Our volunteers have been braving windy and wet conditions throughout winter, but they haven’t let it get in the way of planting season! Planting of native trees in riparian areas provides important food, nesting and roosting habitat for Carnaby’s Black Cockatoo and a myriad of other species. Winter is an important time in Perth to plant native seedlings across all ecosystems, as it gives them the best chance of survival through our hot summers. With rainfall mainly limited to June, July and August, our volunteers have planted thousands of seedlings on the dunes, along the Swan and Canning rivers and up in the hills.
Sunday the 30th of July was National Tree Day. Over 50 volunteers joined the City of Cockburn at Bibra Lake to plant 3,125 native seedlings. Bibra Lake is part of Beeliar Regional Park and is home to a diverse range of plants and animals including quendas, bandicoots and migratory water birds. This reserve provides a vital food source for the endangered Carnaby's Black Cockatoo. It was an amazing effort by everyone involved!
Volunteers have also been re-vegetating part of Lesmurdie Falls National Park, which provides an important roosting area for the cockatoos. Teams have been planting native seedlings and Regional Coordinator from the waterways. This makes the creek lines more accessible to all native animals and encourages the natural regeneration of the bushland.
We would like to thank our GlobalGiving donors, supporters and our volunteers. Without your support, we wouldn’t be able to make a difference to this important cause. If you are able to donate again or share our story with family and friends we would really appreciate it – every effort will help us to continue achieving these great conservation results and give these beautiful birds a better chance at coming back from the brink of extinction. As the rains ease off, our teams will start to manage the massive re-vegetation projects that happened over winter, and we look forward sharing our progress with you in our next report.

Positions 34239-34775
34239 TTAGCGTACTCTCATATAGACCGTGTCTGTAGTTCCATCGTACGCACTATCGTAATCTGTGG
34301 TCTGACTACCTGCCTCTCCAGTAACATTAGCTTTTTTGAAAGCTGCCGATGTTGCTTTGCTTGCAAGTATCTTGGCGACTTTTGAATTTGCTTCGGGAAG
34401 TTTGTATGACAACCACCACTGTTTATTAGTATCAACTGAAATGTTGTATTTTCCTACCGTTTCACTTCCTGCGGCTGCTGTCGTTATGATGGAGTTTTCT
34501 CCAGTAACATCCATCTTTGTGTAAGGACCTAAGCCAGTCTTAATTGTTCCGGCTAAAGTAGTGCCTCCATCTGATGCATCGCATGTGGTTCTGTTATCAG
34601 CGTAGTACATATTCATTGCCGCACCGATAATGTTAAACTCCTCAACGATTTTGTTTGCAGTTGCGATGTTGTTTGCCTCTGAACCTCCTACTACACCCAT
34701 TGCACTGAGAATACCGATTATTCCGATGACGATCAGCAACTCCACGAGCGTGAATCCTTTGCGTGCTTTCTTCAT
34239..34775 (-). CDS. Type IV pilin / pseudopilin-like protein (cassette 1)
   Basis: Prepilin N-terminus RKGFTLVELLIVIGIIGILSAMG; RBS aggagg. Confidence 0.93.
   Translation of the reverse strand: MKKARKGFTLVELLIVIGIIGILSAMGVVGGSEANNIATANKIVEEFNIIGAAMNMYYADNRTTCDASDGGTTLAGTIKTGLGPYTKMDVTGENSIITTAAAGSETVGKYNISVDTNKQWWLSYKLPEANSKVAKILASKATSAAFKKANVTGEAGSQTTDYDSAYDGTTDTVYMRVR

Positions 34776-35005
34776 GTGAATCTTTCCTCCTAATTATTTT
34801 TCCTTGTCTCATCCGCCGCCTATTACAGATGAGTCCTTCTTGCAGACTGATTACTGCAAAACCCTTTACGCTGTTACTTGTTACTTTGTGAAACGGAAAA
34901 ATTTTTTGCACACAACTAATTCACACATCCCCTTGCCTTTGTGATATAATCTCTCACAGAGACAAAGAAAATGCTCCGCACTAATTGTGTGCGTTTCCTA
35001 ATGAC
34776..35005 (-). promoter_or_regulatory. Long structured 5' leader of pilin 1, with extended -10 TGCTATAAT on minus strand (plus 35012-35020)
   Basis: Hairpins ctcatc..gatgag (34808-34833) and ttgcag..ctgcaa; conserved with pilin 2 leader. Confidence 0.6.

Over the last few months we have continued our conservation activities to bring back from extinction the Eastern Barred Bandicoot, at our two sites in Woodlands and Hamilton. It was great to report last month on our monitoring results, which showed healthy populations across both sites, however, without habitat for the bandicoots our population numbers would decline.
The volcanic plains network of grasslands, which stretch from Melbourne in a westerly direction to the South Australian border, is one of the rarest vegetation communities in the world. With only approximately 0.5% remaining, it’s understandable as to why the bandicoots are also threatened. During the mid-1800's, Victoria was being settled and farming was commencing. This volcanic soil that the grasslands grow on was the most nutritious for growing pasture grass and vegetables. It was also very easy to clear, with burning the easy choice, rather than clearing large forests that took a long time to create farmable land. As a result, these grasslands disappeared very quickly straining many small wildlife species and also making them more exposed and vulnerable to predators such as foxes (once they were introduced).
At both Woodlands and Hamilton, we are busy running programs to assist in the health of the grasslands. Around 1,000 seedlings including 7 different species of wild flowers are due to be planted over the next month. This will be fantastic as we are dramatically improving the biodiversity of the grasslands. To assist with this large-scale planting project, we have been fortunate to secure the services of Green Army teams. These are six month training programs for young Australian's to learn about the environment and put into practice their new found knowledge. The teams will also assist with weed control, an important task to support smaller grasses that easily become outcompeted by larger introduced species. Controlling and eliminating grazing pressure from rabbits is another major task being undertaken. Flexible 10m long inspection cameras are sent down the burrow systems to check if there are any bandicoots inside before collapsing the rabbit burrows.